New oil and gas exploration key to UK energy security and the energy transition 
Meanwhile, unpredictable fiscal conditions are denting the confidence of offshore energy-producing companies to invest and revitalise UK oil and gas exploration activity, according to OEUK’s latest Exploration Insight report.
 

The waters off the coast of the UK still contain some 15bn boe of oil and gas reserves, claims the report, enough to fuel the UK for 30 years. However, more investment in exploration is needed to slow down the decline in domestic production to safeguard the nation’s energy security, says the OEUK. Just four exploration wells have been drilled this year compared to 16 in 2019, the most recent pre-pandemic year comparison.
 

The report shows how the offshore energy industry is balancing the UK’s continuing demand for energy, while supporting the transition to a low-carbon energy economy through its commitment to deliver net zero emissions by 2050. The report assesses oil and gas exploration over the past 10 years, explores the potential for future developments and considers how the 33rd offshore licensing round will impact exploration while reflecting on opportunities for the expanding sector to support the UK’s climate goals through the development of CCS facilities.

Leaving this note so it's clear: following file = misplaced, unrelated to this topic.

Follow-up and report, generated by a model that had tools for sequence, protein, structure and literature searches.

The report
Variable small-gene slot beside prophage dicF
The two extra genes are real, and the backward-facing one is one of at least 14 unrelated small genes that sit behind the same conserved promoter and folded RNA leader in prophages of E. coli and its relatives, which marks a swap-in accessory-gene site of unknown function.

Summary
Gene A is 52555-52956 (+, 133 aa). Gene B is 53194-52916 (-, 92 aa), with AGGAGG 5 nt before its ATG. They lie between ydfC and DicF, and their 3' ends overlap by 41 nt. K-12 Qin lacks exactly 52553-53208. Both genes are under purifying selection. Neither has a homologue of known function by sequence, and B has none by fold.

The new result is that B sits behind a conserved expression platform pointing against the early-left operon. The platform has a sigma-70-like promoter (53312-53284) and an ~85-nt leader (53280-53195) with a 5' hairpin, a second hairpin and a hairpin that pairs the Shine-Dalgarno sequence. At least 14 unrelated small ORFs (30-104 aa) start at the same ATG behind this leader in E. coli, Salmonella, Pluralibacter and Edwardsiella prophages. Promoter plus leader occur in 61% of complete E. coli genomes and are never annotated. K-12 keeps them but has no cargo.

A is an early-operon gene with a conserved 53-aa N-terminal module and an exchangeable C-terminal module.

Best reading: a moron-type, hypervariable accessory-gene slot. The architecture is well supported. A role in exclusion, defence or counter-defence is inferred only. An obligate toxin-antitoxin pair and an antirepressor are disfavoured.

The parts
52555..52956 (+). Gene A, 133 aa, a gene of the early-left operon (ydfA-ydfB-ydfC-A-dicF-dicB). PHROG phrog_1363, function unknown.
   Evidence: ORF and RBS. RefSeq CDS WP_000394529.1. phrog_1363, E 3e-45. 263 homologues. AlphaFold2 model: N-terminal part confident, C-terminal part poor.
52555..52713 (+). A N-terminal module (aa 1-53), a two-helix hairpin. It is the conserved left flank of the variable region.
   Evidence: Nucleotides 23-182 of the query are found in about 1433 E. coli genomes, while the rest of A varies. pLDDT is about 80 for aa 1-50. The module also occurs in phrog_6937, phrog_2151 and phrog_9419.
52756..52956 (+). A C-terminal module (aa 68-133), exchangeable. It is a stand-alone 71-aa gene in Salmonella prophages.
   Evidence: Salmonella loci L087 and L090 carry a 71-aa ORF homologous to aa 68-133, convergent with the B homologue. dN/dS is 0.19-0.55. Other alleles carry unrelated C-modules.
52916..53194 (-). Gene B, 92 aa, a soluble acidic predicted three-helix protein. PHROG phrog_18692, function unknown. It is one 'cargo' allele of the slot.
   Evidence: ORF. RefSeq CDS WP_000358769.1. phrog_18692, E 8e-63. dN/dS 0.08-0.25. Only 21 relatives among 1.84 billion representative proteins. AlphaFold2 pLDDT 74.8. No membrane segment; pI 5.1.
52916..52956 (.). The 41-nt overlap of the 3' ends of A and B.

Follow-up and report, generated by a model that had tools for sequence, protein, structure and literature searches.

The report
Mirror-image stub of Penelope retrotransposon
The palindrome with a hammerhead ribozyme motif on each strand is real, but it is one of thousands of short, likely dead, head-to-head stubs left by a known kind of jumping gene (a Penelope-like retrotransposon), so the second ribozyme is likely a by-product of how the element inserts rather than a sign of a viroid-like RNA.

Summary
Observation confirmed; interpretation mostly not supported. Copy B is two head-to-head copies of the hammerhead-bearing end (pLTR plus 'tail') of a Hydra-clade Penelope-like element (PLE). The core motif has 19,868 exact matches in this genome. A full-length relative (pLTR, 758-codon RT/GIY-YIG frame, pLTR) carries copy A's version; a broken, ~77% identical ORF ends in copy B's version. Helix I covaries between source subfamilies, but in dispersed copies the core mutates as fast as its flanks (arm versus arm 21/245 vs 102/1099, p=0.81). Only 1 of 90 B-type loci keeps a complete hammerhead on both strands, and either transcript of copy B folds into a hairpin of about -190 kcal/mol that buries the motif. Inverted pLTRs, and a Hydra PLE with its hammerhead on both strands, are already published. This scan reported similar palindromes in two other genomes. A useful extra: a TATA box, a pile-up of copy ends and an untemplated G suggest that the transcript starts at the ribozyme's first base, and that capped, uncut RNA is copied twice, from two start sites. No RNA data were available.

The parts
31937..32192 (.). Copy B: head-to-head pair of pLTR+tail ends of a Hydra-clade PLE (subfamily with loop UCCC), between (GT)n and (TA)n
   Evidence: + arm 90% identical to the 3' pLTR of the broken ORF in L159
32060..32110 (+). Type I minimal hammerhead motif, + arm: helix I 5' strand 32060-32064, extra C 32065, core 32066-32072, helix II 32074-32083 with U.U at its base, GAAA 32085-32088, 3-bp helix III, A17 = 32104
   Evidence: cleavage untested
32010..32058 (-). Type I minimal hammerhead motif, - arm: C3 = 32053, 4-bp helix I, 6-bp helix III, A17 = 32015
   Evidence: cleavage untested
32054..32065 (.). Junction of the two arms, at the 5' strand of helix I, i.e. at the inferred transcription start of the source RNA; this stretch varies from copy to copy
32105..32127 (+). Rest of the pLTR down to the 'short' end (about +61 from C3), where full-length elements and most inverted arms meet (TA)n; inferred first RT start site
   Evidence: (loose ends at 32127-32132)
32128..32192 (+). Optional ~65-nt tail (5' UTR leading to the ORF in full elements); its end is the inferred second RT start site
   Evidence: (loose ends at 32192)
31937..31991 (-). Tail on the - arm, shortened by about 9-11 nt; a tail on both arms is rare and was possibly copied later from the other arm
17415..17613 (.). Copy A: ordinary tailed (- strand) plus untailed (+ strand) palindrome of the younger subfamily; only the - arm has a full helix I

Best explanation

Commenting on the report, Mark Wilson, OEUK’s HSE & Operations Director, warns: ‘The ongoing uncertainty and continuous changes to the fiscal regime will drive investment out of the UK and encourage some companies to leave the [North Sea] basin. In such conditions, companies are unable to plan the future long-term investments we need to support energy security and our net zero commitments.’ He continues: ‘Low levels of exploration mean on a 10-year average we are replacing only 10% of the reserves we need to sustain the production levels that can help to keep the UK energy secure and power its energy transition.’
 

The report reveals there are significant prospective North Sea resources potentially recoverable within a 45 km radius of offshore hubs, which could provide 8.4bn boe of hydrocarbons, representing roughly eight times the UK’s annual consumption of oil and gas. The Central North Sea holds the greatest opportunity for extending the lifetime of existing infrastructure, according to the report, with around 1.4bn boe in prospective resources within range of being tied back to offshore installations.
 

Wilson adds: ‘Returns from developing reserves can be recycled into new energy projects like low-carbon energy hubs, repurposing offshore infrastructures like wells for CCS and using exploration skills to achieve this. For example, we’ve already seen 26 licence applications in the UK’s inaugural CCS licensing round. Extending the longevity of the North Sea basin will not only underpin energy security and strengthen the supply chain but also ensure our highly-skilled workforce can help the industry transition to a diverse low-carbon energy system in the future.’